15 November 2017
Martin Hawes: Property market could be flat for a decade...
Property’s reputation as a fail-safe retirement income strategy could come under intense pressure over the next few years, according to high-profile investment adviser and Lifetime Director, Martin Hawes.
Hawes, who counts a number of successful books on property investment in his extensive back-catalogue, says the local real estate market appears to be at “inflection point” after decades of almost uninterrupted gains.
“A lot of property investors who came into the NZ market in the last 10 to 20 years have only seen the good times,” he said. “The danger is that they now see property as a one-way bet.
“Nothing is a one-way bet.”
But now with a new, reform-minded Labour-led government taking charge just as the housing market naturally comes off the boil, that traditional Kiwi faith in the gravity-defying power of property is likely to be tested, Hawes says.
Even prior to the election result real estate prices were dropping off record highs – at least in Auckland – with the ASB property investor sentiment survey suggesting confidence was on the wane.
The latest ASB quarterly survey found a net 11 per cent of New Zealanders felt it was a bad time to buy a house, representing a six-year low for the index which had dropped repeatedly over the previous five quarters. In a perhaps counterintuitive result, the ASB survey also found 17 per cent expected house prices to keep rising, although just three months prior that same measure was at 32 per cent.
ASB chief economist, Nick Tuffley, attributed some of the declining confidence in property down to the loan-to-value lending restrictions imposed by the Reserve Bank in 2016 and “slightly higher mortgage rates”.
“But in recent months, uncertainty around the election has seen the market slow even further,” Tuffley told media.
Hawes says a number of Labour government initiatives such as banning foreign investment in existing NZ residential property, curbing immigration, removing the ability to offset real estate investment costs against other income, and implementing a plan to construct 100,000 low-cost homes (the so-called ‘KiwiBuild’ program) would probably have a dampening effect on the housing market.
And while the much-mooted comprehensive capital gains tax probably won’t get off the ground, Labour’s plan to push out the ‘bright line’ test – where tax is payable on gains if a house is sold within a set period – to five years from the current two could also affect house prices.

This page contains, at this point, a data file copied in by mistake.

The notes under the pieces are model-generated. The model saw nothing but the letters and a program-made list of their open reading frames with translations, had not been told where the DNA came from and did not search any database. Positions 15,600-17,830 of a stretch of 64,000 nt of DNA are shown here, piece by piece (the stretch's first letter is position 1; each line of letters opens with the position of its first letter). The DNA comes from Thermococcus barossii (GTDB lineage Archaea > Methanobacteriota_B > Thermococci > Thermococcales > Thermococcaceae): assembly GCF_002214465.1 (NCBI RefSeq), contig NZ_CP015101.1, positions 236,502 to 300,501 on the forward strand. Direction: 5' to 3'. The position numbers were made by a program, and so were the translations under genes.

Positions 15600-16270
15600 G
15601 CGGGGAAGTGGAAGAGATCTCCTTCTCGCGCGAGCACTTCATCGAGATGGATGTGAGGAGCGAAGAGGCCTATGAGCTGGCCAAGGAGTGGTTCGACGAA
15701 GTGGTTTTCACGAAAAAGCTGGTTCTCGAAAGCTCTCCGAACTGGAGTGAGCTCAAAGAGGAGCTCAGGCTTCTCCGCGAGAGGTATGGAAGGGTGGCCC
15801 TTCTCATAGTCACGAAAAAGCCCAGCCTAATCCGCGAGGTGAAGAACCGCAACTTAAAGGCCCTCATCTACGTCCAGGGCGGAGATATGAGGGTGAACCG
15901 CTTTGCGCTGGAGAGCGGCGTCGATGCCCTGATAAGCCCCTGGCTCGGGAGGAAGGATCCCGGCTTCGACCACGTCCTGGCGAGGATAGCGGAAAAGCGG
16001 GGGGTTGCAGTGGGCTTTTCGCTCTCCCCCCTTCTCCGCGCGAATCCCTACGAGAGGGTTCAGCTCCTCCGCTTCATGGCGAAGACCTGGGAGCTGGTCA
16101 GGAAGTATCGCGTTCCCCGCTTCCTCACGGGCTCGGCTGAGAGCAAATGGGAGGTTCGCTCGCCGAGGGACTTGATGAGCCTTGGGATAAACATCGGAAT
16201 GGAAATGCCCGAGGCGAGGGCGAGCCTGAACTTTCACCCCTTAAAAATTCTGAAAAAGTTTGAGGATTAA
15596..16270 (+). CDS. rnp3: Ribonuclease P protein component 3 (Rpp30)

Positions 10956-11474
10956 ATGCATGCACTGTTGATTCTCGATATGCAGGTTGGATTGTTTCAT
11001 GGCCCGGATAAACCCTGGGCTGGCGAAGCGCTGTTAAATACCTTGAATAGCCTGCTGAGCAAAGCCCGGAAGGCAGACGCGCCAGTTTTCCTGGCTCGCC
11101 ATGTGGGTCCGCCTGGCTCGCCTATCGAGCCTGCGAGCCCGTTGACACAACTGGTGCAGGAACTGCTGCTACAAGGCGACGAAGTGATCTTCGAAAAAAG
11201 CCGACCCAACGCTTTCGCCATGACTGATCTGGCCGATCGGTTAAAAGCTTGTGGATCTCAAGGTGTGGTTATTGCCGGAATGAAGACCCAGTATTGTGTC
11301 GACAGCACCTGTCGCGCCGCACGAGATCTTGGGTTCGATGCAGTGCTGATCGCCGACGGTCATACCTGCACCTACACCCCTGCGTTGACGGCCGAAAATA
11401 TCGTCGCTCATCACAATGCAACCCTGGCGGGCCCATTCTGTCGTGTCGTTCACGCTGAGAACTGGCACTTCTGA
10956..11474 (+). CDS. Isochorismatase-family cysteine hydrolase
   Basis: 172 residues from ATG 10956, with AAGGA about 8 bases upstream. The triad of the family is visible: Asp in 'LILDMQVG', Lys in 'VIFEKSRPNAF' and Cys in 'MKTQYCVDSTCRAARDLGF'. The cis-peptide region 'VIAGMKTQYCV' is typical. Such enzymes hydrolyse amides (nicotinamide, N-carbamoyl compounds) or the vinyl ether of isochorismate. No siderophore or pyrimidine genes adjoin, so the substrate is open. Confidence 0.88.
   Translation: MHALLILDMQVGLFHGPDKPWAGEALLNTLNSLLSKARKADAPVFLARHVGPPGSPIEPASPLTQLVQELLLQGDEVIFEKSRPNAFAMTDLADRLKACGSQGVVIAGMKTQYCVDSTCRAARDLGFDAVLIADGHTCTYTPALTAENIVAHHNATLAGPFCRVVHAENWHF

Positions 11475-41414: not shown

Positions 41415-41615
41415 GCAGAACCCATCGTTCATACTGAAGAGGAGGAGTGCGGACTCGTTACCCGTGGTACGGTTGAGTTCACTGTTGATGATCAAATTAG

“I’m actually very much in favour of the move towards increasing the availability of affordable housing in NZ,” he says. “In fact, I’m chair of the Queenstown Lakes Community Housing Trust [which champions affordable housing in the region].”
However, the cumulative effect of housing affordability policies and general market dynamics will undoubtedly have knock-on consequences for investors.
The best-case scenario, Hawes says, would see the housing market flatten over the next decade, allowing first-home buyers to access affordable accommodation without putting too much strain on existing owners.
Nonetheless, he says the large number of ‘mum and dad’ investors who own rental property as a retirement income strategy should take the time now to review their expectations.
“If the income you’re likely to generate over the next 10 years compared to the property’s value is small then it might be a signal to sell,” Hawes says.
He says property investors should test what would happen to their financial well-being, for instance, if they could no longer offset the costs of owning rental real estate against other income.
Another important factor to consider is the level of debt relative to property asset values and how that might be affected if expected capital gains fail to materialise.
Many retirees today own two or three houses as their chief source of income outside of NZ superannuation payments and they may not be completely mortgage-free, Hawes says.
According to Reserve Bank (RBNZ) figures, about 35 per cent of all house sales in have been to investors over the last decade or so. As at 2014, ‘small investors’ (defined as those who own one to three investment properties) represented about half of the NZ property investor numbers. A further 25 per cent of the NZ real estate investor population owned between four-to-six houses – suggesting there are large numbers of amateur rental property owners who may be at risk.
Retirees counting on a handful of rental properties to see them through “should be thinking that retirement could last a long time”, Hawes says.
“A lot can happen to economies and markets over 20 years, including property markets,” he says. “And unlike when you’re younger, when you’re retired you can’t recover as well if your assets are concentrated in one asset class.
“A diversified portfolio is the only strategy that holds up over time. Like the in-built diversification and income guarantee insurance you get in the Lifetime Income portfolio.”
In a summary of his 1996 book on real estate investing, Hawes says: “... to be successful in property you must buy, manage and sell property on the basis of analysis rather than instinct or sentiment”.
That advice still holds true today.
“Property investors need to be doing the numbers,” he says. “If investments don’t go as expected then it’s not just losing wealth and income – it’s wrecking lives.
“You have to remember that you’re investing to make sure you have a bloody good time in retirement. Lose sight of that at your peril.”
Martin Hawes is an authorized financial adviser and an independent director of Lifetime Retirement Income. Lifetime Retirement Income is managed by Lifetime Asset Management Ltd.
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